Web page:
Tonight on the local news was an article that I only partially caught. In it the news reader referenced a new book out about the carbon footprints of animals, or more appropriately the carbon fartprints of animals.
I was laughing too hard to take it seriously, and missed most of it, but I'm OK, didn't really hurt myself. The floor is soft, and I missed the coffee table narrowly, in a gale of laughter.
It seems that animal flatulence is a serious problem for climate change phobes. I have a friend who can clear a room, and often does. If they find out, whoever they are, they'll probably want him tested, and maybe put down.
Apparently, 2 pet hamsters have the same carbon fartprint as a plasma television set. Well, we don't have pet hamsters, and don't even own a plasma TV. We are a little behind in the technology of entertainment, so are we better than 2 hamsters, or do the old TVs break wind like 4 hamsters, or even more? Inquiring minds are asking.
Now, in fairness to hamsters, Dan Fink worked on a way to make his hamster carbon neutral as it were. Skippy is a Syrian hamster, and was selected because of his energy and nocturnal habit of running on his wheel all fricking night long. Fink, being no fink, tried many things but eventually succeeded, sort of. As reported here:
Finally, after Fink glued 14 magnets to a steel ring and fashioned two coils out of 30-gauge wire, he mounted the whole contraption on Skippy's cage. He then hooked up two LED lights to the alternator. Together, they shone bright enough for Fink to find the bathroom in the dead of night. And even though the little rodent was voltage-deficient, "he had torque to spare," Fink says, so he added another light, and another, the resistance increasing with each new load. He got up to six lights before Skippy showed any fatigue.No report on the impact that the magnets and exposure to electromagnetic fields are having on Skippy yet.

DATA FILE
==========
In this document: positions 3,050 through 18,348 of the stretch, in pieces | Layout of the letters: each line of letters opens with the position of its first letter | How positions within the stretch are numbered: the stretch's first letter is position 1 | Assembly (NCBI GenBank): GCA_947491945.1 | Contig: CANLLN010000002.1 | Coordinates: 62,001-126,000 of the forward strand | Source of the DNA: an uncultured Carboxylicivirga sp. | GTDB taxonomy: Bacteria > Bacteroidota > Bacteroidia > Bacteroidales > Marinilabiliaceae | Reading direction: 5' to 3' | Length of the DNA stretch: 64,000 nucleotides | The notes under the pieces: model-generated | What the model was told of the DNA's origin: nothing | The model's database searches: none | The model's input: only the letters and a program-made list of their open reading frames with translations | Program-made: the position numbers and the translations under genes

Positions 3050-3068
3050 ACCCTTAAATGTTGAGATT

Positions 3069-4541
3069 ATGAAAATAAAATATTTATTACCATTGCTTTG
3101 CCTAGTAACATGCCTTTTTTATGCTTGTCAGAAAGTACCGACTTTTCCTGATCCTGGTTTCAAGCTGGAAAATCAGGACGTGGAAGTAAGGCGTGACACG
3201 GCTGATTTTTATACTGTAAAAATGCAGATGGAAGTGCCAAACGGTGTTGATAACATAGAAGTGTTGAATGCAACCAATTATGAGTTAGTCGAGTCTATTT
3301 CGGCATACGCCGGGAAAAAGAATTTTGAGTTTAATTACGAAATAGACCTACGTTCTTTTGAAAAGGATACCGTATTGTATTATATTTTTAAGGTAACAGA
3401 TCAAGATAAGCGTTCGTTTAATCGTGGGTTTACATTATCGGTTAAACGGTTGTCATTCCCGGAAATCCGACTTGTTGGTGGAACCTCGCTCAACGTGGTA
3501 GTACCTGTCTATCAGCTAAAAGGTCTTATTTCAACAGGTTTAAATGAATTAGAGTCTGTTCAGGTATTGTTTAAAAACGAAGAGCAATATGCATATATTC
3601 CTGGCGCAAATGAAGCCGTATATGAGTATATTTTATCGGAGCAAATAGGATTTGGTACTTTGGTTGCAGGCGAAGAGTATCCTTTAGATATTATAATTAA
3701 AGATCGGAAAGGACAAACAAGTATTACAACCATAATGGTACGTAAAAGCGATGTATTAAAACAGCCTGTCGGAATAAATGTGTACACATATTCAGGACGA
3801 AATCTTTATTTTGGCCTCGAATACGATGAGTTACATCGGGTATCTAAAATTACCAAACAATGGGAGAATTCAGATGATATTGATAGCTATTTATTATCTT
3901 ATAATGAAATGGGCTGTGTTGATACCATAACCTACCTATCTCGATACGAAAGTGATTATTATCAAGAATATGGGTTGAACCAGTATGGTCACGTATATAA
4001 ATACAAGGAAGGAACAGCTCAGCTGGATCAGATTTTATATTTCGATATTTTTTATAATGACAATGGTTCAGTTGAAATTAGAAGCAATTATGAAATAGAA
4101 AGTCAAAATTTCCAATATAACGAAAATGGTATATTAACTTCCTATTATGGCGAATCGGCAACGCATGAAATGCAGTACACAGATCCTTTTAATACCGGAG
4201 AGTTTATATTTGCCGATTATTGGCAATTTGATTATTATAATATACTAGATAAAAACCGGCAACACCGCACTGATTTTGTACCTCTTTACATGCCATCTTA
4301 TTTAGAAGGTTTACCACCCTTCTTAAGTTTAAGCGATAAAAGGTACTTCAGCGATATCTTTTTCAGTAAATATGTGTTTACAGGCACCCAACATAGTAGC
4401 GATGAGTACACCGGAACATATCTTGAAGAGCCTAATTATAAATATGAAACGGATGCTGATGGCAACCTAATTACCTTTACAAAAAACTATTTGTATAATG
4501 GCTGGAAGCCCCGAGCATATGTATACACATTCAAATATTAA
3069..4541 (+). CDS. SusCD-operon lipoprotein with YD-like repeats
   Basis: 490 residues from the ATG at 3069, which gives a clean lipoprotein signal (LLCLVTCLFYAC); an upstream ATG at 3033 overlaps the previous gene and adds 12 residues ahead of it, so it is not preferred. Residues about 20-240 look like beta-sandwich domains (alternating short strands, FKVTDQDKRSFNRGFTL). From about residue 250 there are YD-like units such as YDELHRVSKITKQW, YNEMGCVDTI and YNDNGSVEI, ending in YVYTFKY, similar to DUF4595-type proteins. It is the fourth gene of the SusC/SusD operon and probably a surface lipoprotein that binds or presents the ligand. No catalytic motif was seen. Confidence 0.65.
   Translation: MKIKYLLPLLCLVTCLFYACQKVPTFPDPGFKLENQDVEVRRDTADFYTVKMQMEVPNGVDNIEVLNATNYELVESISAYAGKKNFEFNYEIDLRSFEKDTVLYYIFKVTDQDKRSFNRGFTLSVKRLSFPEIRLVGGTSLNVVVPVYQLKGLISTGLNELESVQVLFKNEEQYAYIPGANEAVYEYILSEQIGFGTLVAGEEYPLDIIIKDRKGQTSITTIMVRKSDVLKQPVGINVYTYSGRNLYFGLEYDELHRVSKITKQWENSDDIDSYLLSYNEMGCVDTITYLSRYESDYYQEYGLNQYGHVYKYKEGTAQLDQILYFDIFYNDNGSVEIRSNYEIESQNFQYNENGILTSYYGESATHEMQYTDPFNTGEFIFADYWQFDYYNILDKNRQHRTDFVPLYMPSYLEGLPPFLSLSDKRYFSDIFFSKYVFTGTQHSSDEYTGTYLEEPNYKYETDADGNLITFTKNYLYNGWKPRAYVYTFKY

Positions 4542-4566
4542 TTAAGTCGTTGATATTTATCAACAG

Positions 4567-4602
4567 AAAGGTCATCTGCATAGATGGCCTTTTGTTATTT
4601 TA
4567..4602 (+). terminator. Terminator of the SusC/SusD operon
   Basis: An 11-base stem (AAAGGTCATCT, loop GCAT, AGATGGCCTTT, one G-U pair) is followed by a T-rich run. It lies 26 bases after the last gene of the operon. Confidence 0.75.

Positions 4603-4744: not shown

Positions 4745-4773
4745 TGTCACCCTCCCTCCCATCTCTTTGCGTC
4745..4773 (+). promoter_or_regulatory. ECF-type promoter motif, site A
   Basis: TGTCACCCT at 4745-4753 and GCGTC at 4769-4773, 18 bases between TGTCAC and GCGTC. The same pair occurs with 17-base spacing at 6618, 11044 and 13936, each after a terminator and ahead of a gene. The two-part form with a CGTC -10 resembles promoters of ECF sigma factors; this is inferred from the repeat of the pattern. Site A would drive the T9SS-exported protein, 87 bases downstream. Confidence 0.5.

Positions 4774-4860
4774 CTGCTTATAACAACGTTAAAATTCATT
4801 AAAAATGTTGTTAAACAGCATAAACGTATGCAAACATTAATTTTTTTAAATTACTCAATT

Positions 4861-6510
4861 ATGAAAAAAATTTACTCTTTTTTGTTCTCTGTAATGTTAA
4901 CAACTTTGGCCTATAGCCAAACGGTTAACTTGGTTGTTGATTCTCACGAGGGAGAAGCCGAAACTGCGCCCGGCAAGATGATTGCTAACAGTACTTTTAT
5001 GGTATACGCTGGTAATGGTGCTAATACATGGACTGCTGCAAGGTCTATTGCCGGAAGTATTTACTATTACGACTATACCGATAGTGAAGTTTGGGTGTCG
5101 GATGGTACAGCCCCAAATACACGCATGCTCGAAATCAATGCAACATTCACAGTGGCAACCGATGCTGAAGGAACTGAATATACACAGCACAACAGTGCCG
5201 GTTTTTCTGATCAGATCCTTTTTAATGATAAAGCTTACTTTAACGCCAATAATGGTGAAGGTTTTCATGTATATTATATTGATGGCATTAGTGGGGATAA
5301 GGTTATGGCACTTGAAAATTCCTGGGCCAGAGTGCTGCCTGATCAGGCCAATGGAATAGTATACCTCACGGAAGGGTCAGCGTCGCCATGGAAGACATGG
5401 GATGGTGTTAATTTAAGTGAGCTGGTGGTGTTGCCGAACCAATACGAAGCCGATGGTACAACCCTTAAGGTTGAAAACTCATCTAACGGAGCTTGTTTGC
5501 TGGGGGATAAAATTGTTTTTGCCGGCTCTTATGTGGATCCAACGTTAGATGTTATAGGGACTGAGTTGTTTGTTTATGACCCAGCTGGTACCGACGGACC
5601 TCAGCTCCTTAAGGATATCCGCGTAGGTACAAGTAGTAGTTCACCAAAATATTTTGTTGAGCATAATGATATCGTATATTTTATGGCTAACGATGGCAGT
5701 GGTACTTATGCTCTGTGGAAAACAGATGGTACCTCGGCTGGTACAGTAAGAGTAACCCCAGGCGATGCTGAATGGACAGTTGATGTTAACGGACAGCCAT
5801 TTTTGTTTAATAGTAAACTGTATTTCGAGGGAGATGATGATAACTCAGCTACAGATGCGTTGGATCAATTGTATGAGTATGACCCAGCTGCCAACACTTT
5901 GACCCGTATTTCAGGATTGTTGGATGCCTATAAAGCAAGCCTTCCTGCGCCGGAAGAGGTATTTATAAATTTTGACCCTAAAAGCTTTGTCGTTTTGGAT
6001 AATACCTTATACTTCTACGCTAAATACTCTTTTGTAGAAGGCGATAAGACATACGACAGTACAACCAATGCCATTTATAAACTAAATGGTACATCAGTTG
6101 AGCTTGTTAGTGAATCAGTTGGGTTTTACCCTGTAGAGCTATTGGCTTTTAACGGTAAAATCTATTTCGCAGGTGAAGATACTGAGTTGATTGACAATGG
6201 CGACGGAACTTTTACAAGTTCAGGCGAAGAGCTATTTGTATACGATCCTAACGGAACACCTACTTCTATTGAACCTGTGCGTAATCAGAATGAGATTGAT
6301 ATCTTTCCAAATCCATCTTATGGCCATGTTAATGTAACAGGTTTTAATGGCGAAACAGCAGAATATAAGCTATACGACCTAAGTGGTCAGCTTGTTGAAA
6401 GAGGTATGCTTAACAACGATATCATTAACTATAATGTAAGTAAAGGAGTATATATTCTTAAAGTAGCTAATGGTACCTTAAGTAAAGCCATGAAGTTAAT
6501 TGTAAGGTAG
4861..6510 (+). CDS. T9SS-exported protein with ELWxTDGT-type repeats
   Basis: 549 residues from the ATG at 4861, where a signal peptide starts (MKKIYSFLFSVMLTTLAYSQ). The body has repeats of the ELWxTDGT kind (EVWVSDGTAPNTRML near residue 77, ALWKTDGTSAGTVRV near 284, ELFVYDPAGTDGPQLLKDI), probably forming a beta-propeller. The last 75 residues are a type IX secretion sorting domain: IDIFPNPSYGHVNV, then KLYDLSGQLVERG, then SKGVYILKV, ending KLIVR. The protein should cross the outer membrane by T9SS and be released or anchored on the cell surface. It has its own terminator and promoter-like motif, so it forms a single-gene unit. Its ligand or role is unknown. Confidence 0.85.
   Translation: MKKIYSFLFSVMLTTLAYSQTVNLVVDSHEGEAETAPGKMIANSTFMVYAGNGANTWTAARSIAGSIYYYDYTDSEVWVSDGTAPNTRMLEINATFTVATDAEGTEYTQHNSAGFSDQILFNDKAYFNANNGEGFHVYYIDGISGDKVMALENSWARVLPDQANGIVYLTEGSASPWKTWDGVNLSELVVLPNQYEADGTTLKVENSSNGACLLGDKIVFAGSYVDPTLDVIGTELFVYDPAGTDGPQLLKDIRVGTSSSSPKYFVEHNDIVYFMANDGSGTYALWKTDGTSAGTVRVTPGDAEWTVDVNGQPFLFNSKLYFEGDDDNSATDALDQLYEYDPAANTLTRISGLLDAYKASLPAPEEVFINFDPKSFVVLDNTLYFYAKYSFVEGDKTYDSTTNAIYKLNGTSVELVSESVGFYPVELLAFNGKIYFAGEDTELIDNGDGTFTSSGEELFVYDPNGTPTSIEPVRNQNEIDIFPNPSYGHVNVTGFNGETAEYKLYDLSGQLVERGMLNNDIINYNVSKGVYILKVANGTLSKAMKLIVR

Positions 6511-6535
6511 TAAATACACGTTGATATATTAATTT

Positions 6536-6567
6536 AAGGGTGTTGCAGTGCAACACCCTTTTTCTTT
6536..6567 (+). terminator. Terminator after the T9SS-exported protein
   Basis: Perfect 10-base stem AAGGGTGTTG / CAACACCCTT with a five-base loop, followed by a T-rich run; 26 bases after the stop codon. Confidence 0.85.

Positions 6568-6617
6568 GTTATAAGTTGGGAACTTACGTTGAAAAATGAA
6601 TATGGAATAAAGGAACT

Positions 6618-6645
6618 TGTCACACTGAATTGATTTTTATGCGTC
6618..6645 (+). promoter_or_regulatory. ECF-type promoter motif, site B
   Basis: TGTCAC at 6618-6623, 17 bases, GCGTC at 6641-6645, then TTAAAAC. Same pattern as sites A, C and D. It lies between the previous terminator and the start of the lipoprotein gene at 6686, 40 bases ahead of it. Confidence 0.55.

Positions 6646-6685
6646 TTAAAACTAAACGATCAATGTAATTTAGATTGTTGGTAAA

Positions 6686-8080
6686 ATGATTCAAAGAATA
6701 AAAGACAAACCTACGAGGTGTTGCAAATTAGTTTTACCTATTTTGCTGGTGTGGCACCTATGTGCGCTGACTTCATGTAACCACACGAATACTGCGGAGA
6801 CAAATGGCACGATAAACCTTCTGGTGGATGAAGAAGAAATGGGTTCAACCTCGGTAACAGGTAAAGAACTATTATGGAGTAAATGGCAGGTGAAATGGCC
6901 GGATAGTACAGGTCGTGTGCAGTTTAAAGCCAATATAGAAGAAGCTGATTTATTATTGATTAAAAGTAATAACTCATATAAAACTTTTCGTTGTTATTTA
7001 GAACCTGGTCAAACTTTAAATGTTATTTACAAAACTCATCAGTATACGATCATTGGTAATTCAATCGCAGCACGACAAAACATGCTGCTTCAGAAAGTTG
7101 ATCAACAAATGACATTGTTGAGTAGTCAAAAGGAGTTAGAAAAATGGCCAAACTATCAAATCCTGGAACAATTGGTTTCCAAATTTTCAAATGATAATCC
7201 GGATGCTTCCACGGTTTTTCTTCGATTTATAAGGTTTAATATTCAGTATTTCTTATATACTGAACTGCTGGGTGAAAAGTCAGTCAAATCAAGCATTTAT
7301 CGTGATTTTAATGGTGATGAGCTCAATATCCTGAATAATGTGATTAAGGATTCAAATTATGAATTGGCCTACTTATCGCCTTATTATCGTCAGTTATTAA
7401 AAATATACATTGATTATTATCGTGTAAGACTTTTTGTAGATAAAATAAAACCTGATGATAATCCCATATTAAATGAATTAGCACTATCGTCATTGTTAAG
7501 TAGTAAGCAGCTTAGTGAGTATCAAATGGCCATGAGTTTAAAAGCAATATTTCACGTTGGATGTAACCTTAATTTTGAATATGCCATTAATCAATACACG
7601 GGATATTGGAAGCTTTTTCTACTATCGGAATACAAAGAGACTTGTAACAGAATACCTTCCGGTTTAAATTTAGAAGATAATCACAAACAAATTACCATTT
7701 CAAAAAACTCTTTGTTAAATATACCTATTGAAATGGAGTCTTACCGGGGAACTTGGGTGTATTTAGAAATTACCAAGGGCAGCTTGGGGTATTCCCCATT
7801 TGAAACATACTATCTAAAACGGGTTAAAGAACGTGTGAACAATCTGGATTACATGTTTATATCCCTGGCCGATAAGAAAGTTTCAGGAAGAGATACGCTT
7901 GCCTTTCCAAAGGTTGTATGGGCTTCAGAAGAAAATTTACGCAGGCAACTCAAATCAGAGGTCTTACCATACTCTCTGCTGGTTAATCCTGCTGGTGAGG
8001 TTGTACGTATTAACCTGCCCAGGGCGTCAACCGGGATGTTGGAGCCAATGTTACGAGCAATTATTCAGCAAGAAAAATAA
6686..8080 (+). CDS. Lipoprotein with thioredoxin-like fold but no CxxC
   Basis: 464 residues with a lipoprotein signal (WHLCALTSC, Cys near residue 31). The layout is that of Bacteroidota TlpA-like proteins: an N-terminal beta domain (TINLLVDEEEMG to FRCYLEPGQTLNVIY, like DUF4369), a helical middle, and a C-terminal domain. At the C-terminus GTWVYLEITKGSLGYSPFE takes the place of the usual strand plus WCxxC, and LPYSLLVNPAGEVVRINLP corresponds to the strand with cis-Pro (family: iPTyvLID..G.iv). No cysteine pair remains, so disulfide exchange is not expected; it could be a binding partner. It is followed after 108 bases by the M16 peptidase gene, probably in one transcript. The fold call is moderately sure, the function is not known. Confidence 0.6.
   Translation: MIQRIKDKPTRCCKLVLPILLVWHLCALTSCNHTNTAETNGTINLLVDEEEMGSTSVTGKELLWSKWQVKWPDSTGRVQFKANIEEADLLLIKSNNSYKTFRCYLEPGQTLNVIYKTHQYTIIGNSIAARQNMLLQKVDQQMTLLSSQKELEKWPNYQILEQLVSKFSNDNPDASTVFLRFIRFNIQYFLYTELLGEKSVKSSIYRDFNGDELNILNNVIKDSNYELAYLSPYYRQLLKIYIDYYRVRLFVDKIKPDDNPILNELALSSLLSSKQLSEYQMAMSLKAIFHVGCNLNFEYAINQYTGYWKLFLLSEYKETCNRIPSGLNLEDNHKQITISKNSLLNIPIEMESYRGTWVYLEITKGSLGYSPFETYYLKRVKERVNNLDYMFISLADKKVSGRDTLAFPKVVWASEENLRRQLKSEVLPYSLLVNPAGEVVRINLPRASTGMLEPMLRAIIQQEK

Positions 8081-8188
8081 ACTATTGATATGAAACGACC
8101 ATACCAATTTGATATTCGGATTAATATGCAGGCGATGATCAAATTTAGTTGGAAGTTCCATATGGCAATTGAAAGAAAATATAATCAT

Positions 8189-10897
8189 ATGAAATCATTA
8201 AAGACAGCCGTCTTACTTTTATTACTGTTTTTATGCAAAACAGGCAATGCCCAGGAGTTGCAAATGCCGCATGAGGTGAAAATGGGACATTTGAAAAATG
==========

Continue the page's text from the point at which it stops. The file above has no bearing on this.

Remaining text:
But, there is some question about cow farting, and how to reduce it. It seems that animals, of which cows are a big one, both individually and collectively, contribute 30% of the methane in the atmosphere. Also, the international meat industry, as a whole, or as a hole, produces 18% of the world's greenhouse gas emissions. See this blog item here.
Ronald Reagan who was my kind of US President, because he made no pretensions about the fact that he was an actor and not a really good one, unlike others who are just bad actors, but deny it, apparently had thoughts on global warming years ago as referenced in the blog item linked above:
About 30 percent of the methane in the atmosphere results from microbial action in animals' digestive tracts. This prompted Ronald Reagan's dismissive comment that humans couldn't be held accountable for global-warming gases (of which methane is the most potent), because the most significant source is bovine flatulence.I frankly don't know what to make of it, but do not intend to fret or lose sleep. I just find it interesting, because next they (them again) will realise that trees and other plants are big contributors to CO2 emissions, during their life cycle and also when they decay.
As contemporary critics noted, however, Reagan overlooked the fact that animal husbandry has vastly increased the number of cattle, making cow farts very much a human-influenced commodity.
I think that I will just put on my tin foil hat, and wait for The Visitors.